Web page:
I was 11 years old when Our Lady Peace released their second album, Clumsy. In 1997, at the time of the release, they were sharing the charts with the likes of the Spice Girls, and still managed to break through the rock scene and become hugely successful, not only in Canada, but in the US as well.
The Canadian band recently spent two days in
Edmonton performing at the in West Edmonton Mall. Inspired by a recent Devo tour, in which they played full albums from start to finish, OPL played full sets from their diamond status record Clumsy, and less commercially successful, conceptual album, Spiritual Machines. Edmonton Events Center
While I feel the trademark sound began to diminish after the Spiritual Machines album, I attended the first show solely to hear the entire Clumsy album, knowing that it would be nothing short of amazing. And I was right. This was, of course, one of the albums that shaped my youth.
Rumors were circulating that singer Raine Maida was no longer hitting some of his signature falsetto notes like he used to, especially after the style disappeared on the Gravity album in 2002. Those rumors were put to rest as the singer hit every note bang on, hardly differing at all from the original recordings.
Raine even took some time between songs to explain where he was coming from when the song was written, although I had a hard time hearing most of his vocals when he spoke. I always appreciate when artists share a little insight into their songs and wished I was able to hear more. I did manage to pick up that the emotional single “4am”, nearly didn’t make the record. Raine felt he was too young when he wrote it and it wasn’t good enough. I’m glad it made it, as it’s one of my utmost favorite tracks.
Maida also shared that he hated some of the other songs on the album and therefore they were never played live. But while the band was relearning and revisiting the songs for the tour, they fell in love again. It wasn’t always apparent onstage with Raine appearing listless and bored.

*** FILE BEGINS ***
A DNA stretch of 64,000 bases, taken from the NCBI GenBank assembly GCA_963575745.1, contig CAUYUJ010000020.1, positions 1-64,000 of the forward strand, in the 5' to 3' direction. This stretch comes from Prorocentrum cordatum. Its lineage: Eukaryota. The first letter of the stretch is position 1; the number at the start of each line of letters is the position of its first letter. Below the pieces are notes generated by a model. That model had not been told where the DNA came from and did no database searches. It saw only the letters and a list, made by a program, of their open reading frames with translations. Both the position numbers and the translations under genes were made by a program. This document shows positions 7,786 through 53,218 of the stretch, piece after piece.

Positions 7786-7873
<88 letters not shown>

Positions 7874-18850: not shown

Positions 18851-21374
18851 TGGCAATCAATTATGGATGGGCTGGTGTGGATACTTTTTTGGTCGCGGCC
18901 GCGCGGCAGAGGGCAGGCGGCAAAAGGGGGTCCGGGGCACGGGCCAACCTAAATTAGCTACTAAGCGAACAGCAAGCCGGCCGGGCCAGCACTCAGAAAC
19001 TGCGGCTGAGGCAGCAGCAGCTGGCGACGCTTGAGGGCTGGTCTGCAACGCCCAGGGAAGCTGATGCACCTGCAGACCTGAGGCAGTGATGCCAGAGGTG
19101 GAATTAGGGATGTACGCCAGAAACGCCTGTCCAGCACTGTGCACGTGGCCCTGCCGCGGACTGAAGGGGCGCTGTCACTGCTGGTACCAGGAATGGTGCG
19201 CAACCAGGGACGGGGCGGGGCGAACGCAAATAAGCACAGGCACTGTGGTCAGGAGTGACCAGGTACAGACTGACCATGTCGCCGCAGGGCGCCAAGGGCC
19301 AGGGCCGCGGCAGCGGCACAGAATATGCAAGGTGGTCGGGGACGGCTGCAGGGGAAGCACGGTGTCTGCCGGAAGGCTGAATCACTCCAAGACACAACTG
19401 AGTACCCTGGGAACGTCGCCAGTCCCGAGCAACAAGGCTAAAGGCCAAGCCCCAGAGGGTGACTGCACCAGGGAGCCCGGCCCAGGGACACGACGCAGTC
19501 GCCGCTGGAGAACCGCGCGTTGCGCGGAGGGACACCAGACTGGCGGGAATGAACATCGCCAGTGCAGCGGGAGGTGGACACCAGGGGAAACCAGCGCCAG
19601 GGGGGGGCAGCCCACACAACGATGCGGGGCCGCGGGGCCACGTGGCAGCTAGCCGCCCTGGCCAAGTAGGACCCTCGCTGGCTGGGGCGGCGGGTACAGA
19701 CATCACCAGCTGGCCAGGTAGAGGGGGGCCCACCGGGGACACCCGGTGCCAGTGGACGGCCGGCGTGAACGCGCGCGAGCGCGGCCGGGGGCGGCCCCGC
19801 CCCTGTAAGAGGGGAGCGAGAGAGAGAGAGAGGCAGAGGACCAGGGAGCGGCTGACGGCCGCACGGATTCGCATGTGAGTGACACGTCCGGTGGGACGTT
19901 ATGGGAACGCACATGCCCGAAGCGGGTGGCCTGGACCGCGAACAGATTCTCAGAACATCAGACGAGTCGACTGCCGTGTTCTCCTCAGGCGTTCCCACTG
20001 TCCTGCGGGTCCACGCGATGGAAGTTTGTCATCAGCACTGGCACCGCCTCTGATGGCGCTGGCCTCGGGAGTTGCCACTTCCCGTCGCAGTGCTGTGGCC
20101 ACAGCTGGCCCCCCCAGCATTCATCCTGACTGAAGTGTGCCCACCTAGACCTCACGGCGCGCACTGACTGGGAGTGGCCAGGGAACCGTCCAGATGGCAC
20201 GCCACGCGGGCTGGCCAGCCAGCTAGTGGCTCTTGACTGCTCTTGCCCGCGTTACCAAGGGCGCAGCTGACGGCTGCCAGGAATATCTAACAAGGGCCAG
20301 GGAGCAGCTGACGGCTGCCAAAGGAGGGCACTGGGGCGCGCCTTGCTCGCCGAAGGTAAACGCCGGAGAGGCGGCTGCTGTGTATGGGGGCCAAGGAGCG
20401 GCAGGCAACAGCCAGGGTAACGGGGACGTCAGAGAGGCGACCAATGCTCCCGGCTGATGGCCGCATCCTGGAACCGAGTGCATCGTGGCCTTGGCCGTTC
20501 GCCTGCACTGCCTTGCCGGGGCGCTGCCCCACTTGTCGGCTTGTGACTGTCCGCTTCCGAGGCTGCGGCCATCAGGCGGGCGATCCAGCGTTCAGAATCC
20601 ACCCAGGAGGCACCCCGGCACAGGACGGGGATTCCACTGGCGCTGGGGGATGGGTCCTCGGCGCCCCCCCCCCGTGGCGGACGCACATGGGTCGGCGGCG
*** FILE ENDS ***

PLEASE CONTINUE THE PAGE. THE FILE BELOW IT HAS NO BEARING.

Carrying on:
Upon finishing all the songs from Clumsy, the band took a break, where I’m sure guitarist Steve Mazur took some time to fix some of the strings he broke. Apparently this man knows how to shred, perhaps more than original guitarist for the band, Mike Turner.
During the break the video screens were pulled down and more lighting was added to the stage for the band to perform some of their other hits. This time, Raine lost his leather jacket and scarf and became more upbeat and enthusiastic as he pounded out “Monkey Brains”, from the newest album Burn, Burn. And the energy continued for the rest of the set.
Included in the second set were radio hits “Life”, “Somewhere Out There”, and the more recent “All You Did Was Save My Life” in which Raine became even more intimate with the crowd, walking along the tables along the back.
They ended their two song encore with the rockin’ track “Starseed” from their first record Naveed, which was also featured on the Armageddon soundtrack.
It seems that OLP may have been grasping in desperation with this tour to gain some popularity back after a few years of declining reputation and sales. Regardless, they brought out the nostalgia and rocked a packed venue for fans young or old.
Clumsy will always stand out as the best album released by the band in my mind, and is one of the top 10 best albums in my collection. It is and always will be a classic. I’m thankful for having the opportunity to see all of the songs performed in succession.